Re: Kite Hill - My two brothers, sister and I grew up on Lake shore Ave., just over the hill from Echo Park Avenue. In the late 40s, we used to fly our kites on a hill just above Avalon and Lake Shore Ave - and we all called the area kite hill. We climbed up that hill every day to go to Clifford St. School, located between Clifford St. and Duane. I am not sure this is the same hill that is close to the Baxter steps, but we dug seats out of the cliff at the end of the flat space so we could sit down when our kites were in the air. My brother Ron reminded me that many of the boys would try to attack each other's kites with their own, hoping to bring them down. I also remember that one day we found a rather large pile of peanuts (still in their shell) dumped right in the middle of the flat area. We filled several shopping bags to the brim and our mother made us roast them to be sure they were safe to eat. Now apt. bldgs. sit in that space and Gateways Hospital is just below it. I too remember the beautifully decorated department stores in Downtown. Our father worked in the Metropolitan Bldg., near Newberry's and Orbachs. And I remember drinking the best malts on Sunset Blvd and at the Echo Park Boat house - just 25 cents.
Sorry to burst so many bubbles in one shot. I was raised on Arron St. off of Glendale Blvd. My great grandmother built the house i lived in in 1906. In 1926 the original house was raised and a unit added making it a duplex (building permits are on file with the city). I lived in the house from 1941 to 1963 and again from 1972 until 1979. There is a hill that parrallels North Alvardo ,on the east side, that was graded level ,the site now has several radio towers on it and apartments on the north side of the graded area at the intersection of Brandon St. and N. Alvarado. I just checked with my mother and she moved to Arron St And went to Belmont HS in 1937. The hill was flat at that time. We called it Kite Hill in the late 40s and early 50s because sll the kids in the area flew kites there. It had no trees or wires to eat your kite. Sorry Mr. Elgrably but you were a little late to name the hill.The old maps may show an additional kite hill but everything north of Brandon St. from No. Alvarado to Lakeshore had to many trees and power lines. Kite hill only was graded from what would be the ROW of Effee St. to Brandon St. In the summer we would "sled" down the sides of the hill on the dry grass using cardboard boxes. Slso the Baxter stairs by Avon Terrace are quite a ways from N. Alvarado. Adjacent to Kite Hill on the west side of Alvarado was an early sound stage that belonged to Mack Sennatt. In the 40s it was converted to the Palace Roller Rink. To bad but it closed in the 50s.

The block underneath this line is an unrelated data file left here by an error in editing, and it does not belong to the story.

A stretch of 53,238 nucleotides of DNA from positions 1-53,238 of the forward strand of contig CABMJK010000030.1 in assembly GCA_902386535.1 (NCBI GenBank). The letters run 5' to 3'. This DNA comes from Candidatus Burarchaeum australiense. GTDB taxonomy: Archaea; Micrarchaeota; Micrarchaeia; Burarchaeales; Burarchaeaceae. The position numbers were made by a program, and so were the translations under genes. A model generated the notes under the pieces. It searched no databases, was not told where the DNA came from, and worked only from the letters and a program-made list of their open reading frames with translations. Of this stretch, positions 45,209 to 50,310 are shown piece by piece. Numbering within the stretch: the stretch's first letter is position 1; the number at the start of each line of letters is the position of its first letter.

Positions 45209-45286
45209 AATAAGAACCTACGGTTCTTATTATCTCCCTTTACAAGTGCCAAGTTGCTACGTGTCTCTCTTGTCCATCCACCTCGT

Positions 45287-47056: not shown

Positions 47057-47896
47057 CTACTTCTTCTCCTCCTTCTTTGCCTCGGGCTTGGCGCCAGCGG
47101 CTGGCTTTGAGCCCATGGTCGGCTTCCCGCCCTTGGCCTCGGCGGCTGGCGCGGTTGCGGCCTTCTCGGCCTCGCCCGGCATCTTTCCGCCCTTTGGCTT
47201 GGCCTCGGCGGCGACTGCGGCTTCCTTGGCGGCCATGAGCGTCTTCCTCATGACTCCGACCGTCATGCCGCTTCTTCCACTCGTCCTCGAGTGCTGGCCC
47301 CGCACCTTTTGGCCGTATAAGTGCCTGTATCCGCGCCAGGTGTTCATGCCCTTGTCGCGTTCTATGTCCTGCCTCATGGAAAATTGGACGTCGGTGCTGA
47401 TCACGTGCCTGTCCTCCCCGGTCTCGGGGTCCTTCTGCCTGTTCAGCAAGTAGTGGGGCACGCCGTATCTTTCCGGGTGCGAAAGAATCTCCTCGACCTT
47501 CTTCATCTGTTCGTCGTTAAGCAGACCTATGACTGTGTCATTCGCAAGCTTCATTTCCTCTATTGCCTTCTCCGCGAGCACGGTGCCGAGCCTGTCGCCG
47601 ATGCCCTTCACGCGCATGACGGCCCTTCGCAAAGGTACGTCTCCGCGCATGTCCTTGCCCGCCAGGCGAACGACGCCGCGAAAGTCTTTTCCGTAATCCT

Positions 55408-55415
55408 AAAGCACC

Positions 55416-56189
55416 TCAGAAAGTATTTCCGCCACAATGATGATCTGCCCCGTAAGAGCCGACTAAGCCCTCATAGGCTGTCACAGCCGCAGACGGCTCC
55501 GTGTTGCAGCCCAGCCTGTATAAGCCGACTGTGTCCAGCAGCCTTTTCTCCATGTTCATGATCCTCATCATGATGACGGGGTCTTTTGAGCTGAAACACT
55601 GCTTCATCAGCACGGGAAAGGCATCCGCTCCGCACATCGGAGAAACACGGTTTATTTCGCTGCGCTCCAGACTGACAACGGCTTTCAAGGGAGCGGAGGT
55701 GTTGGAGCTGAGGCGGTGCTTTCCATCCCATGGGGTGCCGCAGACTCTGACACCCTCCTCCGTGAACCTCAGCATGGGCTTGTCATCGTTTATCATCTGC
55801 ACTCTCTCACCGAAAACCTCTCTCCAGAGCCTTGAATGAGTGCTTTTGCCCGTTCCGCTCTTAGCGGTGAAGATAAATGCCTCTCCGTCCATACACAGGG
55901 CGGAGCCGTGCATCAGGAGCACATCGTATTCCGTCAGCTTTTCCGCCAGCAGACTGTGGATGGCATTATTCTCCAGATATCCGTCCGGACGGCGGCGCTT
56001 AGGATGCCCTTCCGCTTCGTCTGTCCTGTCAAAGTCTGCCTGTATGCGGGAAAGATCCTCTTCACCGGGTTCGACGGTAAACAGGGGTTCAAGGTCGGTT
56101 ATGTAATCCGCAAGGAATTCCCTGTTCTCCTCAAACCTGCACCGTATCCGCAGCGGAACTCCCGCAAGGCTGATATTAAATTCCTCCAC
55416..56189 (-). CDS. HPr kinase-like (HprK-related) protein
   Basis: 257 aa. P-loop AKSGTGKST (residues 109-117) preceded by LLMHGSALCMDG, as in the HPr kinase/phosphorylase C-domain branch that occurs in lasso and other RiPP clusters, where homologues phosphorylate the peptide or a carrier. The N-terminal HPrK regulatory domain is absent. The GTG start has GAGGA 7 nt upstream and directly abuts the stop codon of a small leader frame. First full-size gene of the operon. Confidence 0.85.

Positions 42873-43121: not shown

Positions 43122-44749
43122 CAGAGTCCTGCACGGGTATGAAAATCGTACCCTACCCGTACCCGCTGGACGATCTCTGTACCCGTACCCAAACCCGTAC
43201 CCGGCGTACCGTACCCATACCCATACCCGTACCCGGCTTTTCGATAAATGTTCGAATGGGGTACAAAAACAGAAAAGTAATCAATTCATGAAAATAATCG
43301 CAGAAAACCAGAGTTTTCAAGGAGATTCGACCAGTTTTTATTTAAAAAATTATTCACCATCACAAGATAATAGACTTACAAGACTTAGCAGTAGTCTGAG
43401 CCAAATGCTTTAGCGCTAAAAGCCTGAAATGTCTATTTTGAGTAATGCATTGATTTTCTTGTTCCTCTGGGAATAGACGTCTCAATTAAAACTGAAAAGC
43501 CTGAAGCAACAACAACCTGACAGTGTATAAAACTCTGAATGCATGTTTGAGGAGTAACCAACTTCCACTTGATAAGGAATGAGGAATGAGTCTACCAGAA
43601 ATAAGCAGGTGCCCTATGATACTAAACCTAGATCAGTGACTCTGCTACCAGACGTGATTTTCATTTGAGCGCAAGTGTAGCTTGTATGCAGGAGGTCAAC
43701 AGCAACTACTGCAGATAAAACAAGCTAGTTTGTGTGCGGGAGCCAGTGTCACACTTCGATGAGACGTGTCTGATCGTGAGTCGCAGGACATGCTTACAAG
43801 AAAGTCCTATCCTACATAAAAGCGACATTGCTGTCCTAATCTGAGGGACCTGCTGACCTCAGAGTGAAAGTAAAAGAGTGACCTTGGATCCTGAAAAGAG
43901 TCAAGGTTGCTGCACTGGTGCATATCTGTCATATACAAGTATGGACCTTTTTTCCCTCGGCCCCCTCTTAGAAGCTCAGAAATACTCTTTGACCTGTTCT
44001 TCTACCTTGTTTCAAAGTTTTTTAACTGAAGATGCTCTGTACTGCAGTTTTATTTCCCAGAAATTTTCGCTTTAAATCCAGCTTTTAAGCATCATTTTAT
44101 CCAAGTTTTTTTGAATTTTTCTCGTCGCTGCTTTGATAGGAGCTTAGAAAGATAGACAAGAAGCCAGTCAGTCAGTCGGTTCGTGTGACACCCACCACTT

This post is awaiting approval by a moderator.
I lived in Echo Park from 1959 until 1982. I know at least three different "kite hills". The one Mr. Lilley refers to is one (a friend of mine lived right next to that hill on Alvarado and Clifford, two blocks for Arron street. I heard it called kite hill from him). The hill that Mr. Elgrably refers to was also called "kite hill" (and I know other people who claimed to have named it so). Finally, at the end of Echo Park Ave. where Landa crosses there is a big flat open space cut by Cal Trans for fill for the Golden State Freeway which is perfect for flying kites, it too was called "kite hill". Kids, kites, and hills go together well in Echo Park it would seem.